The VA loan and rental property
Veterans and qualified service members have benefits that most do not have. In the world of mortgage lending, the VA home loan program is hard to beat. The loan requires no money down, there are reduced closing costs and there is even government-backed guarantee to the VA lender. The caveat is that, unlike conventional mortgages, the VA loan can only be used to finance a primary residence. So how can a property financed with a VA mortgage be a rental property?
Over the recent years, the no-money down concept has taken some heat. Legislators and other pundits decried the zero down loan as helping to contribute to the mortgage crisis of which we’re now recovering from. Yet this didn’t happen with the VA program as VA home loans have always and still claim the lowest default rate of any program. The loan is designed for someone who intends to live in the financed home. When borrowers find themselves in a financial quandary, it’s the rental property that will be given up before a primary residence will.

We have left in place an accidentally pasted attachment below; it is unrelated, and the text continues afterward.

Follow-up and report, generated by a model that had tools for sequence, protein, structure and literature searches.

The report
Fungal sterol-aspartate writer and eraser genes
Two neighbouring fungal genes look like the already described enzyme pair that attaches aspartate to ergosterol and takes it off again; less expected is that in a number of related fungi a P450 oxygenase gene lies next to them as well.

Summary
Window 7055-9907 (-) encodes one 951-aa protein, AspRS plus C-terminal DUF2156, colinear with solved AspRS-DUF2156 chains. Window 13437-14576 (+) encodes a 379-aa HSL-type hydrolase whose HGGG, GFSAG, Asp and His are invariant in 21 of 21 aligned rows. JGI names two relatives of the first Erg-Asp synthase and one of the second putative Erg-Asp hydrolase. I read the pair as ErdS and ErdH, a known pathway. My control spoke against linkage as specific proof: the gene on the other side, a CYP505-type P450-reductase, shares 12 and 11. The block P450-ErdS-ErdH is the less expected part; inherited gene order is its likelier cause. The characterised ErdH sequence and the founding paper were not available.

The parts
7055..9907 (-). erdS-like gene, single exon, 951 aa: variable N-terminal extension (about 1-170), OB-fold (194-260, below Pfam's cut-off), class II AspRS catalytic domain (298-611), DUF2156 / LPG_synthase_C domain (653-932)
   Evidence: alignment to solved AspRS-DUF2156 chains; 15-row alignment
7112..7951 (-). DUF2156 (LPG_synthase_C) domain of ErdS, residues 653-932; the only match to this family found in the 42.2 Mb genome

However, there are times when a home has a VA loan but isn’t occupied by the primary VA borrower. This happens when homeowners with a VA loan decide to move out of their home, keep the VA mortgage on the property and rent out the home. Does this violate the agreement to finance a home with a VA loan? Aren’t VA loans only for an owner-occupied property?
VA loans are approved using the borrower’s original intent at the time of the loan application. If the borrower indicated the property will be used for a rental, the VA loan would have been declined. However, changes occur during the course of everyday life and at some point the homeowner decides to move, either to a bigger home or to downsize. There’s nothing wrong with life changes. And the VA financed home can indeed end up being a rental property.